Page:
Written by Maheep Dhanoa
The new public park libraries in Mohali may be low on their collection of books or other facilities, but they are high on public participation. Open from 9 am to 5 pm, these libraries see a steady stream of visitors, young and old. While the elders come to browse through the newspapers, the youngsters use these to sit and study.
Rose Garden in Phase 3B-1, which inaugurated its library in the beginning of June, manages to attract 30-odd people every day though it is short of books. Gurpreet Kaur, the librarian, says, “Some books have been donated to us and the government will be providing us more soon as the tender has already been issued, I am sure the library will pick up.”
Furnished with empty shelves, desks and newspapers, the library already has started getting visitors every day. “There is some disturbance from outside, but overall the library is helpful for people who want to study,” says Sarabjit Singh, who has come to the library for the first time.
At Phase 4 park library, Councillor Kuldep Kang says, “Our library has all the important facilities. We asked someone to donate a water cooler, most of the books have also been donated by residents whereas a few have been given by the Phase 1 district library.’’ The government, he grouses, hasn’t provided any facilities or books.
The park library in Phase 6 is also low on facilities. With no AC or books or water cooler, the number of people using it is quite small. Rajneesh Bala, the librarian, says, “The library was inaugurated last month and we are awaiting books and facilities for which the tender has been issued.”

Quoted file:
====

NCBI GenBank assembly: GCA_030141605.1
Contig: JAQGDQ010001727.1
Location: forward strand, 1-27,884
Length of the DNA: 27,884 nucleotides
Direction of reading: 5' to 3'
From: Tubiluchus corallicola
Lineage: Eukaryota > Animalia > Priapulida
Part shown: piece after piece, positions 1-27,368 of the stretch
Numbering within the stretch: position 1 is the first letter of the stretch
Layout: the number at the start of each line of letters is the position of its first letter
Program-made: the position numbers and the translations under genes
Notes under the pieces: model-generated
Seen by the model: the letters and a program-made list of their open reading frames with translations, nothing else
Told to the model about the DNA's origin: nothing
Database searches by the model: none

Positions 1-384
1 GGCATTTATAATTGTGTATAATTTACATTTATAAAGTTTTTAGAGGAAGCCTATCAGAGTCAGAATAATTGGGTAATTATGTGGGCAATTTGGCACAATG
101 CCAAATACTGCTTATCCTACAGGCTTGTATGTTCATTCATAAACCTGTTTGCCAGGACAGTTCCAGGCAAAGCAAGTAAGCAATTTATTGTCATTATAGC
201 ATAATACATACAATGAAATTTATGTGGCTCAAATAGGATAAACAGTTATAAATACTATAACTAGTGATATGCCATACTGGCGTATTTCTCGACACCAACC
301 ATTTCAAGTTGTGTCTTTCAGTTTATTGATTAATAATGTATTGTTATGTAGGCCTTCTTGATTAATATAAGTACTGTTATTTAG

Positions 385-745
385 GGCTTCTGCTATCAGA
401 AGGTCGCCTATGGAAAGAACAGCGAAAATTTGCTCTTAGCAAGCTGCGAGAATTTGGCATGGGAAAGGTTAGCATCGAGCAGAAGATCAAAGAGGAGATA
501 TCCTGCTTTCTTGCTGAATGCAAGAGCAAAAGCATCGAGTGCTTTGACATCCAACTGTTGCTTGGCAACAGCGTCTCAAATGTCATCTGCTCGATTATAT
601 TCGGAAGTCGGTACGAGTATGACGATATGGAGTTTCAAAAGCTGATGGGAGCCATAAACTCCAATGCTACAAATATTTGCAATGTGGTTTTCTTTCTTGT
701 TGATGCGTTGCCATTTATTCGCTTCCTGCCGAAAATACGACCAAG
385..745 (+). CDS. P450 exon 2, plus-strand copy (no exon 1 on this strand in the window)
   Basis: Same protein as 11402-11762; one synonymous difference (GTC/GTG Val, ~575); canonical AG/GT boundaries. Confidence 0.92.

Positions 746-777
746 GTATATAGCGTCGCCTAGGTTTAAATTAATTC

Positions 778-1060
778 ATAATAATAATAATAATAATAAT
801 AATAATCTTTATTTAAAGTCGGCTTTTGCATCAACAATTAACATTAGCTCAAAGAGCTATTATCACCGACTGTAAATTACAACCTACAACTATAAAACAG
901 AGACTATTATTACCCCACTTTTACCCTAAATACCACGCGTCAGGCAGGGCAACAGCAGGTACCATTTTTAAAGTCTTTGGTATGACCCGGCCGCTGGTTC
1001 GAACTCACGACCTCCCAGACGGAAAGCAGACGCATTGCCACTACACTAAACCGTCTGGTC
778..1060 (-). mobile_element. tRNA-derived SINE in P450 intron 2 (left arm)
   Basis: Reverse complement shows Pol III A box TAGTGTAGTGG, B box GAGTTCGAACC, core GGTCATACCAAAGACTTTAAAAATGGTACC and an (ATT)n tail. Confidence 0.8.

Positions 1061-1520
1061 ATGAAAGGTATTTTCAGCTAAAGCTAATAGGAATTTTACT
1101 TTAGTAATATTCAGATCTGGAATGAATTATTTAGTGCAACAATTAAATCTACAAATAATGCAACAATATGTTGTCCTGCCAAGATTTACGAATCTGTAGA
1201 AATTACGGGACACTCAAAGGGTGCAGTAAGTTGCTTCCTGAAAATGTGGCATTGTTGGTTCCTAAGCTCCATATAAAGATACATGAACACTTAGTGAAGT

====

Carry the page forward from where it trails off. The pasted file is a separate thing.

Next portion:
But the library at Mohali’s Silvi Park is nearly packed with people sitting in hushed silence, the only sound being that of a worker’s ringtone and a loud fan. One of the oldest park libraries of Mohali, this was inaugurated in 2004 and is fitted with ACs, tables, chairs, and a water cooler. The two- storeyed building has a vast collection of books from a number of genres along with a plethora of Hindi, English, Punjabi and Urdu newspapers. Books on religion, fiction, health, education, etc. are perched atop shelves that line the walls of the ground floor. “Some of the cupboards are locked but people can read those books once they’ve informed the librarian. They are locked because in the past, one or two books were stolen,” says a worker at the library.
As per the entries in the register, approximately 15-35 people, frequent the library every day. Senior citizens and students make up the primary population in these libraries. Kanvi Kaushik, a regular at the library, currently preparing for CAT, feels this is a good initiative by the government and allows her to study in peace, although the infrastructure could be improved to accommodate more people. She adds, “Sometimes, when people come to donate books, the staff refuses them because a number of books there don’t even get utilized.”
Vibhuti Thakur, another student who is currently preparing for SSC and other exams, says, “The library provides a good environment to study although adding more ACs would help.”
The library at Mohali’s Bougainvillea Park comes with cheery posters and shelves full of books. It’s quite packed for most of the day. Anamika Sharma, a regular visitor at the library, says, “It is really helpful for the students.”